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Canada’s mid-sized cities still struggling after recession

Fin - Balance Sheet - CA

Mid-sized cities are feeling the bumps of Canada’s rocky economic recovery, with nearly half yet to bounce back from the recent recession, a new report shows.

The Conference Board of Canada’s first Mid-Sized Cities Outlook 2013 says 21 of 46 mid-sized Canadian cities studied have not recovered all the jobs lost during the 2008-09 economic downturn.

“This is a troubling turn of events, given that these mid-sized cities play an important role as economic engines in their respective regions,” said Mario Lefebvre, director of the Centre for Municipal Studies.

The report says the economies of many of these smaller places, from Corner Brook, Nfld. to Vernon, B.C., were ticking along nicely before the recession. When the recession hit, two-thirds of them saw a drop in economic growth. Ontario was particularly hard hit with all 11 cities studied suffering economic setbacks, while 10 cities in Atlantic Canada were spared, the report says.

In 2010, all but six mid-sized cities across Canada saw their economic growth bounce back, but that recovery was short-lived. The report says 13 of those spots posted average annual negative economic growth between 2011 and 2012.

“This still left a very decent 33 cities with positive growth over the past two years, but it remains a testament of the weaker growth recorded of late,” said the report, which cited global market volatility as the culprit.

The report also looked at the economies of mid-sized cities between 2005 and 2012, and found eight from Ontario to western Canada that posted average job growth greater than or close to 3 per cent per year. In Ontario they include Brockville, Leamington and Timmins; Lethbridge and Wood Buffalo in Alberta, and Chilliwack and Duncan in B.C.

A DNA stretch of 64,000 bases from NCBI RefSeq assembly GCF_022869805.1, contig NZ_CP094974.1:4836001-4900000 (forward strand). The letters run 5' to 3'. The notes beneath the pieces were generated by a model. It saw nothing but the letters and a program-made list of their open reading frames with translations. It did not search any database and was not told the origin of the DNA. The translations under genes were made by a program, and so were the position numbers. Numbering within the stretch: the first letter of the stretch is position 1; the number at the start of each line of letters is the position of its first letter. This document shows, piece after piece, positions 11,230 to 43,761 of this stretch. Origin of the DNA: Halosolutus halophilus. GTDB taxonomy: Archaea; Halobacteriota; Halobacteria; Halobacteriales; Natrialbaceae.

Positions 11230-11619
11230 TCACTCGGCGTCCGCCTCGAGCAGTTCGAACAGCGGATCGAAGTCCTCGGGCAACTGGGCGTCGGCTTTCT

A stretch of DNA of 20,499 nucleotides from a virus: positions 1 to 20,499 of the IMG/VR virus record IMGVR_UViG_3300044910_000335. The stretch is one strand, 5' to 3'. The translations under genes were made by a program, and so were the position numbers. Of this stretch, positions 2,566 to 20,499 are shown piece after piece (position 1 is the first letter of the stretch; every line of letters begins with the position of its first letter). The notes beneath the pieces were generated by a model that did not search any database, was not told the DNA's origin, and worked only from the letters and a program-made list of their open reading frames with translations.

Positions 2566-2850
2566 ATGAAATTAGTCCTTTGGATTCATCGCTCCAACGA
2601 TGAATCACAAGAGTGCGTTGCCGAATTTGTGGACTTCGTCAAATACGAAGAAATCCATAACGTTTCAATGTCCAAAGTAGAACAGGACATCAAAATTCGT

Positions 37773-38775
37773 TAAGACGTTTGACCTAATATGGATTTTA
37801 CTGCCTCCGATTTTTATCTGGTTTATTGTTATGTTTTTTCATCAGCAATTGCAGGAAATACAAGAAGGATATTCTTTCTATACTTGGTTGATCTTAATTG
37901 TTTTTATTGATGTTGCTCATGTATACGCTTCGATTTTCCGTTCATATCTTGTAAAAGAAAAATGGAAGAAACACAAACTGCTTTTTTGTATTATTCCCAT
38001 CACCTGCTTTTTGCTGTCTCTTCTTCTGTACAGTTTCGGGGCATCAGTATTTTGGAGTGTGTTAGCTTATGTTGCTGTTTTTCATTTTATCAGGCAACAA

Other findings from the report include:

  • Charlottetown, PEI posted positive real GDP growth every year from 2005 to 2012 and created more than 4,000 new jobs since 2005.
  • Miramichi, N.B.’s economic output declined every year since 2005, both its 2012 real GDP and employment levels were less than half of what they were eight years ago.
  • Granby, Que. posted strong economic growth in five of the past six years, which led to the creation of more than 3,000 jobs during that period.
  • Shawinigan, Que.’s economy was smaller in 2012 than it was in 2005, and the region lost more than 5,000 jobs over this time frame.
  • Leamington, Ont. posted “explosive” economic growth in the last three years, averaging more than eight per cent annually, following a difficult period in 2005 to 2009
  • Belleville, Ont.’s economy grew by more than four per cent on average between 2010 and 2012.
  • Prince Albert, Sask has seen its economy grow by more than four per cent on an average annual basis since 2007.
  • Prince George B.C.’s economy has grown by about five per cent annually since 2010.
  • Chilliwack, B.C. was one of the fastest growing mid-sized economies in the country between 2005 and 2012, with average annual increases in GDP of 6.2 per cent.